Monday, December 9, 2013

Salt: A Story of Friendship in a Time of War by Helen Frost

Salt: A Story of Friendship in a Time of WarJames and Anikwa, a young boy in the Miami Indian tribe, are friends in 1812 America. They explore the wilderness together, and they try to teach each words from their languages. The Indians and settlers trade goods they each need, and salt is one of them. The friendships are strained when British and Americans armies start heading to the area. Other tribes want to join the British, because they fear the Americans will take away their lands. The Miami tribe is caught in the middle. They don't want to do anything to hurt their settler friends, but they can't fight against their Indian friends. The clock id ticking as the opposing armies draw closer.

The book is written in prose. This may turn off some readers, but it makes the plot move more quickly. I enjoyed the interactions between James and Anikwa, but I could see trouble brewing between them. The other characters created doubt in their minds and innocent events created conflicts.

The Other Side of Free by Krista Russell

The Other Side of FreeThis story takes in the early 1700's, when the British and Spanish were fighting in what is now Florida. Jem flees from Carolina to a camp outside of St. Augustine where slaves and natives are promised protection by the governor and the Spanish army. He wants to join the militia army, but he's told that he's too skinny and weak. One day, Jem finds a baby owl with an injured wing, and he decides to nurse it back to health. With some rocky moments, they seem to become friends, and Jem sets out to teach Omen to fly and hunt. Jem does many things to entertain himself, but it's not always safe with wild animals and the British army lurking. And unbeknownst to the people in the camp, there's also a spy among them.

The plot offers interesting information about colonial times, and the war supplies the element of suspense. Jem is an adventurous character. I enjoyed the author's description of his relationship with Omen, but she also shared Jem's insecurities and his determination. The conflict between England and Spain before the United States became a country is not a common topic of novels.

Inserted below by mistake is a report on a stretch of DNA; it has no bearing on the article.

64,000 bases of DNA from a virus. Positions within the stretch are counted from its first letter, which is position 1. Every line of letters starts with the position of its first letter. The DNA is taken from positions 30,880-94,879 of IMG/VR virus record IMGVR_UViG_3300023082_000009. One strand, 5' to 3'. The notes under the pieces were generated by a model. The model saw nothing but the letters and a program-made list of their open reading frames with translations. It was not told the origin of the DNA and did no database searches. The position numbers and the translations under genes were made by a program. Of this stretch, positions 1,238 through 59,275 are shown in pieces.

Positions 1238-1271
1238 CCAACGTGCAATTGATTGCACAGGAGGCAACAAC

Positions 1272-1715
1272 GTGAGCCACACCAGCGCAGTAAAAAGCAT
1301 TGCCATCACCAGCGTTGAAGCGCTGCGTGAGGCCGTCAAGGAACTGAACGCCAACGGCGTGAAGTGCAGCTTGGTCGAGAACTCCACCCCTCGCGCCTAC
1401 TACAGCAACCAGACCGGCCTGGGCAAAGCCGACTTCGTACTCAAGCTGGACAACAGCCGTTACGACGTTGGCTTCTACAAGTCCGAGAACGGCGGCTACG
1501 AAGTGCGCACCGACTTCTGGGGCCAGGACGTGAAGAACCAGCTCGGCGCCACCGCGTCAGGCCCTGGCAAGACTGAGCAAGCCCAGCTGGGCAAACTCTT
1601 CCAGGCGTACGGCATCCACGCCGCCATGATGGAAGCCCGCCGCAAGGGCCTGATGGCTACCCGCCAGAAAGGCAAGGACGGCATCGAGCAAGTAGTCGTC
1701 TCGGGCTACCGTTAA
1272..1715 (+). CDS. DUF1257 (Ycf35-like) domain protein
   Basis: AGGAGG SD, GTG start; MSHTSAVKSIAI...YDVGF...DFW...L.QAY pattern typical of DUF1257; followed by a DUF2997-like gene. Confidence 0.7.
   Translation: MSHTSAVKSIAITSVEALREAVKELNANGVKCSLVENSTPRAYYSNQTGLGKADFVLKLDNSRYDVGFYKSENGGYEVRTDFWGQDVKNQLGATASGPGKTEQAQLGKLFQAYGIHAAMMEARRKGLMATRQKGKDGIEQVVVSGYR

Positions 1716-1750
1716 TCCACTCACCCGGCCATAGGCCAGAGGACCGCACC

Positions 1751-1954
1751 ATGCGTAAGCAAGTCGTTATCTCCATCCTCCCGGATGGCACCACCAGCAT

Wednesday, December 4, 2013

The Waffler by Gail Donovan

The WafflerMonty is a waffler; he's always changing his mind. For example, he can't decide what kind of pet to get, and he changes its name several times after bringing it home. His twin sister, Sierra, and he split time between their mom's and dad's houses each week. Both parents have remarried, and the twins gained a baby sister and an older sister. At school, his teacher puts three embarrassing band-aids on Monty's arm to help him stick to decisions; no waffling! Monty gets assigned a reading buddy from a kindergarten class, but he offers to take on three unofficial buddies who didn't paired up. The teacher doesn't know about this, and it creates problems for Monty. Is this another example of why he's called a waffler?

Monty's life with divorced and remarried parents, his new sisters, and a demanding teacher should appeal to young readers. He's a nice character and really tries to do the right thing. I liked how everything worked out for him in the end.

Will in Scarlet by Matthew Cody